Wednesday, September 30, 2009

Day 1

        I begin today.

        I think maybe if I constantly had mirrors around me all the time I never would have gotten as fat as I am. Almost 270 pounds? Never! I really believe that as I walk around in this body of mine I never really think about my weight. When I am working or eating or watching TV or anything, I never really give a thought to my body or my weight or my size. I pretty much feel like I did 8-9 years ago when I was a much thinner 160 pounds. I guess, in my mind I'm still that size 12 girl from high school who wore 'normal' clothes yet felt fat and out of place anyway. Looking back at old pictures I realize I was pretty normal sized. Compared to what I look like now, I was very thin! Not anorexic, but healthy, 'normal', looking good. I am seriously confounded as to why I felt fat back then when I looked fine, great. Now I find myself at 262 pounds hardly fitting into a size 18-20. It hurts. As I look through recent pictures of myself I see a girl almost bursting out of her body. My face is huge. My body is huge. It is quite obviously the embodiment of the statement "you would be so pretty if only you were thinner." I see that now, I do.

        So, enough is enough. I am done being fat. That's it. I have had enough of constantly feeling uncomfortable, being huge, not fitting into clothes, being unhappy with myself. I start changing things right now. Today. I can't wait to see the numbers on the scale get progressively smaller. I have had enough of being overweight, fat, obese. Today I start day 1 of my new lifestyle change. I am committing to this and I will see my commitment, my promise to myself, through this time. I will stick to it every day, every week, every month, until the numbers on the scale say 150lbs, and then I will keep my commitment so that the numbers never again creep up as they have so many times in the past.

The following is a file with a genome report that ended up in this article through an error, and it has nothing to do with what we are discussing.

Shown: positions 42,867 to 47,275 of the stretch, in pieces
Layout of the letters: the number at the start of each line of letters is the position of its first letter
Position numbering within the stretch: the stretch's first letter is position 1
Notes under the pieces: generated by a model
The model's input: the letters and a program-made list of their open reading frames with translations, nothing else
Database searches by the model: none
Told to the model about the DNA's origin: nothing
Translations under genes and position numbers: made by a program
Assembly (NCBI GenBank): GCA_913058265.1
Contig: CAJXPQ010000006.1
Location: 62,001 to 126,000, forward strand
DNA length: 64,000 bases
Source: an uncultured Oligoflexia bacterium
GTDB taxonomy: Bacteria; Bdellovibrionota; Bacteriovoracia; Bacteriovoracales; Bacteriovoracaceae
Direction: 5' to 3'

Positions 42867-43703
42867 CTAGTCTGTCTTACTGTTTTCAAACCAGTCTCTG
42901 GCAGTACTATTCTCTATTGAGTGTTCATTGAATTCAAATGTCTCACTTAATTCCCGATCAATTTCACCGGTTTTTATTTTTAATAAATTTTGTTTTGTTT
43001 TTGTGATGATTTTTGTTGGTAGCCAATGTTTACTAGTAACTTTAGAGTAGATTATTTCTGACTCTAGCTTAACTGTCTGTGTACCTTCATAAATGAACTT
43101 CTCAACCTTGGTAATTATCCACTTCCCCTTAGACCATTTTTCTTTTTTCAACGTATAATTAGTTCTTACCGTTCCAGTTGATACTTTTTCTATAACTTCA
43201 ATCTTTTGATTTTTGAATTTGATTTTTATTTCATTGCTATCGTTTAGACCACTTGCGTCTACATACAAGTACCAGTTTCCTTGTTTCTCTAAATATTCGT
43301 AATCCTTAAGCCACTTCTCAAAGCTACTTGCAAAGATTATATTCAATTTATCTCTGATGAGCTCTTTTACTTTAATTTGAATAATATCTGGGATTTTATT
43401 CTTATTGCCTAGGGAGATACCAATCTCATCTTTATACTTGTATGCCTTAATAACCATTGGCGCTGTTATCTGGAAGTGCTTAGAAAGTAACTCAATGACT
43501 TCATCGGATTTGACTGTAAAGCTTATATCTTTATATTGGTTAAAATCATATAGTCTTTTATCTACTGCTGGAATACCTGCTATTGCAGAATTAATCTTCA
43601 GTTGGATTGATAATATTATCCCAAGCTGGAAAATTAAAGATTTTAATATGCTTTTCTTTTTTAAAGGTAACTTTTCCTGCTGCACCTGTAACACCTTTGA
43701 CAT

Some more words that push me, words about commitment, by W.H. Murray, The Scottish Himalayan Expedition: Until one is committed, there is hesitancy, the chance to draw back, always ineffectiveness. Concerning all acts of initiative (and creation), there is one elementary truth the ignorance of which kills countless ideas and splendid plans: that the moment one definitely commits oneself, then providence moves too. A whole stream of events issues from the decision, raising in one's favor all manner of unforeseen incidents, meetings and material assistance, which no man could have dreamt would have come his way. I learned a deep respect for one of Goethe's couplets:

        "Whatever you can do or dream you can, begin it.
        Boldness has genius, power and magic in it!"


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